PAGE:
Because it is difficult to create a disease without the help of physicians, companies typically recruit physician thought leaders to write and speak about any new concepts they are trying to introduce. “It is always presented as a scientific and clinical opportunity to help patients,” says Peter Whitehouse, a neurologist at Case Western Reserve University. Physicians must be convinced that a new disease category actually describes a patient population whose symptoms warrant a drug. It also helps if the physicians believe the condition is dangerous. When AstraZeneca introduced Prilosec (and later Nexium) for heartburn, for example, it famously repositioned heartburn as gastroesophageal reflux disease, or GERD. But it also commissioned research to demonstrate the devastating consequences of failing to treat it. Once physicians are on board, a company can get a concept like overactive bladder or reflux disease into widespread circulation simply by funding CME events, journal supplements, and disease-awareness campaigns. “That’s easy,” says Whitehouse. “You just have to have enough money.”

If a marketing campaign is really successful, it goes beyond hype to insinuate itself into the language and thought of the population as a whole, essentially remaking the way people think of themselves. Concepts such as reflux disease, erectile dysfunction, and irritable bowel syndrome have had considerable success, but the most remarkable changes have come in the language of psychiatry with the emergence of neurobiological concepts such as social anxiety disorder, attention deficit hyperactivity disorder, and bipolar disorder. What is striking about this neurobiological language is the extent to which ordinary people have come to incorporate it into their identities. You may have erectile dysfunction or irritable bowel syndrome, but you are bipolar or ADHD. Your diagnosis is part of who you are.

Carl Elliott is a writer for The New Yorker and The Atlantic Monthly and author of White Coat, Black Hat.

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  • http://astridvanwoerkom.wordpresss.comq/ Astrid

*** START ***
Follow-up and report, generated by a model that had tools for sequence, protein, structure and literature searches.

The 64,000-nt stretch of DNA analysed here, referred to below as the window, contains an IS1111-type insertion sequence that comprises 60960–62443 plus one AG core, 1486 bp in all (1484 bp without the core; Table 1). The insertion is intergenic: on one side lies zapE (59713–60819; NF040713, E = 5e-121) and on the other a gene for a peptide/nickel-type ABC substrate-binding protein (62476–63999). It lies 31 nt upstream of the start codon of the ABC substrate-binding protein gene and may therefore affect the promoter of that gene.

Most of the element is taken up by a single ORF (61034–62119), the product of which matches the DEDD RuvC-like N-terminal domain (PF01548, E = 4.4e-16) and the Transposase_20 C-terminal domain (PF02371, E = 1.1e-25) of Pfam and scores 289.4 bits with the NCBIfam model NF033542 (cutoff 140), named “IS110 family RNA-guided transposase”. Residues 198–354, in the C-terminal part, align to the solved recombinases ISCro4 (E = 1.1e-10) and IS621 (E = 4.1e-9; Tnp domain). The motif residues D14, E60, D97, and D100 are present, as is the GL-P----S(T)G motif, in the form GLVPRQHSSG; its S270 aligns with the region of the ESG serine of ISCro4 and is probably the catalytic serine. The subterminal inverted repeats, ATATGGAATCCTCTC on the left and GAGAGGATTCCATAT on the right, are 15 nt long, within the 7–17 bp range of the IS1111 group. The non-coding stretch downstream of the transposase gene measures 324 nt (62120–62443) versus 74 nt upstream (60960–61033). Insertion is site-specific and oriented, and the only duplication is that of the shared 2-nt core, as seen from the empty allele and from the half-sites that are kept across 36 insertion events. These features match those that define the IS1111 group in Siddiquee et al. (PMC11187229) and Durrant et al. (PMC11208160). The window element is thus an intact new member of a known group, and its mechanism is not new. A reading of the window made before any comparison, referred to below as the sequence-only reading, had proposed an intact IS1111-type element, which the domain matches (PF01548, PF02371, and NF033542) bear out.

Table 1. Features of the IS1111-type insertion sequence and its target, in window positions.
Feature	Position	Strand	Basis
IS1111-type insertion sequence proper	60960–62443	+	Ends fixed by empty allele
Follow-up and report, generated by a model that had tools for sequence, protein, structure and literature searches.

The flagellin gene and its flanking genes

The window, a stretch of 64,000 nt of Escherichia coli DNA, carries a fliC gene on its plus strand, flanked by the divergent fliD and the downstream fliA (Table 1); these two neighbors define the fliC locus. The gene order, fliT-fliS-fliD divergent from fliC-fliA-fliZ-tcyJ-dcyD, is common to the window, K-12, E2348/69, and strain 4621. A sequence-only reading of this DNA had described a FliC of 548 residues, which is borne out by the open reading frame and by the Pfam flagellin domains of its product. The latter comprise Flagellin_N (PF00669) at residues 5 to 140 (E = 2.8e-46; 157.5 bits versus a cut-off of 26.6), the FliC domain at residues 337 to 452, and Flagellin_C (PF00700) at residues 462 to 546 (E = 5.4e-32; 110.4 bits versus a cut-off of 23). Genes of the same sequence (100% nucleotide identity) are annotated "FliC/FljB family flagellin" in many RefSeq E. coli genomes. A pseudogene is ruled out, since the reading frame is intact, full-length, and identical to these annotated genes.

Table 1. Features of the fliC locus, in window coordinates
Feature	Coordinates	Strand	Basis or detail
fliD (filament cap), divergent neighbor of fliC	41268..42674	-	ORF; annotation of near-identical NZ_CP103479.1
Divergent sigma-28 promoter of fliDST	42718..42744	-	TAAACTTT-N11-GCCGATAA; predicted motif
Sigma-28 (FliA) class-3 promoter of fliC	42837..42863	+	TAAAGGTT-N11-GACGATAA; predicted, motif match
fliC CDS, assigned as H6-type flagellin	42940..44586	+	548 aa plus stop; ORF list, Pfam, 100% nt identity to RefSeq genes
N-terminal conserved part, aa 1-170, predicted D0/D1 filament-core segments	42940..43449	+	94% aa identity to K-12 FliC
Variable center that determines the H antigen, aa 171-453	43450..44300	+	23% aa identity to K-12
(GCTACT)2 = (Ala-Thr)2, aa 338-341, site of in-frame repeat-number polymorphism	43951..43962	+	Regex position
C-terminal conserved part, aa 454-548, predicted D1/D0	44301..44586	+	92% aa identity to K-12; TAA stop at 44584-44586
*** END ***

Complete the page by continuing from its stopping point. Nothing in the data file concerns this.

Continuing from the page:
It is of course not said that these diseases are not real. They are maybe rarer than currently diagnosed, but that doesn’t mean they’re in essence real diseases.

  • http://jayneduvall.com Jayne

    How are medical schools incorporating this into their training, that is keeping the minds of young physicians sharp to recognize the marketeering of big pharma?

  • knin

    Im a bit confused about amitriptyline because my girlfriend has been taken them for four years for her insomnia, and she is taking a modern day antidepressant, Citanopram, for her depression. Is amtitriptyline supposed to be an anti depressant or a sleeping tablet what is it? I thought these drugs go through vigourious testing. Don’t get me wrong I does what she expected it to do but is it the placebo effect or the chemical reaction of the drug?

  • http://www.lifesupportmedical.com/en/ Art NMD

    Not so kind advertising sales strategy has been around for a very long time and yet educators and governments have not successfully counter measure it.

  • Finn

    @knin, amitriptyline is a tricyclic antidepressant that causes drowsiness, so it was probably prescribed to your girlfriend for both depression and insomnia.

    There are 2 big problems with this kind of marketing strategy. First is, obviously, overprescribing & the resulting risk of polypharmacy. Second is the growing belief, even among some physicians, that these conditions are fictitious. There are people who need drug treatment for restless leg syndrome, GERD, IBS, ADHD, depression, incontinence, and bipolar disorder–just not as many as the drug companies would have us believe, and in most cases nondrug treatments should be tried first.

  • Natalie Sera

    I don’t think RLS is as rare as you make it out to be. I was born in 1948, and have suffered from RLS since I was a young child. In my family, it is hereditary; my mother had it, my brother has it and my son has it. But for many years, I would describe it to docs, and they would just shake their heads and say “I dunno.” And I’m sure it left their consciousness immediately. So for me, and I’m sure many people, it wasn’t that it didn’t exist, but that it was ignored.
    There are now diagnostic guidelines that did not exist when I was younger, and more docs have heard of it — that’s not a market expansion, but a long overdue response to a real but long-unrecognized condition.

  • http://myheartsisters.org Carolyn Thomas

    I recommend Dr. Ben Goldacre’s book, ‘Bad Science’, for those interested in this pervasive trend towards “marketing-based medicine”.

    He particularly laments this practice of “disease mongering”, which is what drug companies have had to do because all the good diseases are already taken. Goldacre explains:

    “Because they cannot find new treatments for the diseases we already have, the pill companies have instead had to invent new diseases for the treatments they already have. Recent favourites include social anxiety disorder (a new use for SSRI antidepressant drugs), female sexual dysfunction (a questionable diagnosis in women), the widening diagnostic boundaries of restless leg syndrome, and even night eating syndrome.”